Advisory Group on Blindness & Low Vision
In 2008, the Disabilities Network formed a Advisory Group on Blindness & Low Vision to coordinate citywide advocacy on visual disability issues. Group Members voted to work for more a accessible pedestrian and transportation environment in 2008-2009.
Chair: Nancy D. Miller of VISIONS/Services for the Blind & Visually Impaired
Gregory Bell, Insights for New Housing
Karen Gourgey, Baruch Computer Center for Visually Impaired People
Ken Stewart, Citizens Council of Low-Vision Individuals
Blindness & Low Vision Advisory Group Sets Goal:
Strengthen Signage, Building Codes BEYOND the ADA
Group to Act as Coordinating Body for Visual Disability Advocacy
The 300,000+ New Yorkers with visual disabilities face a travel and pedestrian environment that can literally leave them trapped in their homes. Numerous subway stations are poorly lit and lack basic safety features such as detectable warning strips on platforms. Potholes and eroded curb cuts make it extremely difficult to walk using a white cane.
And while other cities are installing Accessible Pedestrian Signals and “talking signs” with audio and tactile cues, New York City has few.
In 2008, the Network formed an Advisory Group on Blindness & Low Vision to coordinate citywide advocacy on visual disability issues. It voted to work for a more accessible travel environment in 2008-2009. The Group will publish a set a recommendations to strengthen signage and codes beyond the requirement of the American with Disabilities Act.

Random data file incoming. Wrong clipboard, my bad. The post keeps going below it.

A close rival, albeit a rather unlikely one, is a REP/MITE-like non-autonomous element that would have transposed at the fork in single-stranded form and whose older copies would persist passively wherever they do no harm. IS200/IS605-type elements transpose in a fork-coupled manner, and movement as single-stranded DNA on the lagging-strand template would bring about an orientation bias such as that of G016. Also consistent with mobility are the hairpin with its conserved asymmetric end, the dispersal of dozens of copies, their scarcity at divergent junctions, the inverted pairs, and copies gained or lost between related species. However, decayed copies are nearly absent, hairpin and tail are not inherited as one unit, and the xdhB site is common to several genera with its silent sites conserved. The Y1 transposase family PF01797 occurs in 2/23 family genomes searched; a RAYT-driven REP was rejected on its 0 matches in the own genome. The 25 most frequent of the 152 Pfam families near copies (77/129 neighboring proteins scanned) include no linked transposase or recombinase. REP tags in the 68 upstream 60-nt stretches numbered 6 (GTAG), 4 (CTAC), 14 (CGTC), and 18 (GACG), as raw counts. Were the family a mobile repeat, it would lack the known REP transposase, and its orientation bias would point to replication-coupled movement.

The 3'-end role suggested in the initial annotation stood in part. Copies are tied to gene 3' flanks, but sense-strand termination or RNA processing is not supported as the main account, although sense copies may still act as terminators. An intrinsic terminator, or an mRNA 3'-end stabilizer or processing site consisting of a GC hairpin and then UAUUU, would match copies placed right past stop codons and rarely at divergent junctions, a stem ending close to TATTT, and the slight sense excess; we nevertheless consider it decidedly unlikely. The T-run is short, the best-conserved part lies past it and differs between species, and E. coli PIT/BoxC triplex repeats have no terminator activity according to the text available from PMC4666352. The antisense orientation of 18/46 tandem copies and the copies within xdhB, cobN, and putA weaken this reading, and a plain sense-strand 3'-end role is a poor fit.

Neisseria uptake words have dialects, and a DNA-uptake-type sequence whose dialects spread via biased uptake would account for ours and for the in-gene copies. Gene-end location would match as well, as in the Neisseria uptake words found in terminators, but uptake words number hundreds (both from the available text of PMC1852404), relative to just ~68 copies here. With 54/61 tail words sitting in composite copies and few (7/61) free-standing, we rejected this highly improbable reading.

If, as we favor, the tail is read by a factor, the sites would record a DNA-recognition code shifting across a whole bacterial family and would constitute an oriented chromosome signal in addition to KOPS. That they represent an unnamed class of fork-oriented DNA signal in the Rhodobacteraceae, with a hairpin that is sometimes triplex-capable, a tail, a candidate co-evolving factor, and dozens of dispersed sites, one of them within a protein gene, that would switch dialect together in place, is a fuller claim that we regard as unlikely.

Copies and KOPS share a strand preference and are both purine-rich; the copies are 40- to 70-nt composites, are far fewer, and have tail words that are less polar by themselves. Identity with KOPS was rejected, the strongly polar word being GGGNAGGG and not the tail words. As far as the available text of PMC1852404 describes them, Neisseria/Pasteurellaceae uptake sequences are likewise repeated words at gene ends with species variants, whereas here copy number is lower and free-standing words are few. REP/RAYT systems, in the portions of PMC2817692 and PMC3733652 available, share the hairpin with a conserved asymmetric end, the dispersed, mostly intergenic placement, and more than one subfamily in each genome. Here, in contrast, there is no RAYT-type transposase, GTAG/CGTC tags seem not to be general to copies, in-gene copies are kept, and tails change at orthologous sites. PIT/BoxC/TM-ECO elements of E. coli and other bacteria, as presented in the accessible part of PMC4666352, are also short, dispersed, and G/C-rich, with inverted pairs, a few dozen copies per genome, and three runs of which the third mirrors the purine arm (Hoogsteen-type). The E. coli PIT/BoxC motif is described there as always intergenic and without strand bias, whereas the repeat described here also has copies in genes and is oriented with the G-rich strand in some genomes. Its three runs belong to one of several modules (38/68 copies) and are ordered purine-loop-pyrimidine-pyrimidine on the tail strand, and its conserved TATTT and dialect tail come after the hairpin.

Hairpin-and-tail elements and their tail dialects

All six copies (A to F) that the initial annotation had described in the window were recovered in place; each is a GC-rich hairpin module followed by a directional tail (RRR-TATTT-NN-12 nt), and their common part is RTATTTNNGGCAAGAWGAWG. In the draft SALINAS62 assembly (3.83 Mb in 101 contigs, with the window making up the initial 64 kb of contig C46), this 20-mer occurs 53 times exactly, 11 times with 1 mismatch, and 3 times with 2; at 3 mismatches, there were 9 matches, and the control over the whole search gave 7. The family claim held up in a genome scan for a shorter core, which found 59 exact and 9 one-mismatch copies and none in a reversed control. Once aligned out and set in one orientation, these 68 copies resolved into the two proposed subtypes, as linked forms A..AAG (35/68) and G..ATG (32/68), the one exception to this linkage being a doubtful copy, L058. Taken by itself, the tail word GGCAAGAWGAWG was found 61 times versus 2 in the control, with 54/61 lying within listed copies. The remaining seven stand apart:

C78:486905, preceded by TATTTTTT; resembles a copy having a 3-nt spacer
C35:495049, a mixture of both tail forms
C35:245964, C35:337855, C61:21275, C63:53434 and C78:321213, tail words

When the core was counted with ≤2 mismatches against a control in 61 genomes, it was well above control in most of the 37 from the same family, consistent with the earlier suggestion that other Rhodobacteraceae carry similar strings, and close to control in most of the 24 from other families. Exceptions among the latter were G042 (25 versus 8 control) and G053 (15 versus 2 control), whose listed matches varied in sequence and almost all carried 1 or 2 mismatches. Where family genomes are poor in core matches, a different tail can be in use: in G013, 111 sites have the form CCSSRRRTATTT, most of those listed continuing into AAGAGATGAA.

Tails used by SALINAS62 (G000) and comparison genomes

One of the Group’s goals is to ensure that all Network campaigns are truly “cross-disability.” Its work informs our other standing committees such as Transportation and Housing.
We are currently seeking Members to organize a similar Deaf & Hard-of-Hearing Advisory Group.
Message to Treasury:
Stop Discriminating Against the Visually Impaired
Decision is "an Equalizer," "Sensible," "Forward-Thinking"
The U.S. Department of Treasury must redesign U.S. currency with tactile or visual cues for people who are blind or have low vision, said New York City Comptroller William C. Thompson and the Disabilities Network at a June press conference.
Several Network Members joined Thompson to call on the Treasury to accept the recent federal Court of Appeals decision that the currency discriminates against Americans with limited vision and must be changed.
The decision is "an equalizer for people who are blind or visually impaired," said Alberta L. Orr, Disabilities Network Executive Director, enabling them "to manage currency independently without human assistance or the assistance of costly technology such as specialized high cost paper currency identifiers.
“Human assistance means depending on other people, including merchants to identify the correct denominations without taking advantage of a blind customer."
"It's time for the United States to get in line with the rest of the world. Hopefully the Treasury will conform and decide to move forward for the good of all who are blind," said Mike Godino, representing Network Member Organizations American Council of the Blind and Brooklyn Center of for Independence of the Disabled.
"More than 100 countries vary the size of their paper currency, or add other features that can be distinguished by touch," said Thompson. He called the court's decision "sensible, forward-thinking and long overdue."
Tara A. Cortes of Network Member Organization Lighthouse International testified that "as baby boomers get older and diseases like diabetes and macular degeneration increase dramatically, millions more will be affected by vision loss.” She added that the change is "the right step to take."
Photo: Comptroller William Thompson calls for the Treasury to redesign the currency with Alberta L. Orr, Executive Director of the Disabilities Network (left) and Dawn Suvino of Network Member VISIONS/Services for the Blind and Visually Impaired (right). Photo courtesy of the Comptroller's Office.
Disabilities Network of NYC: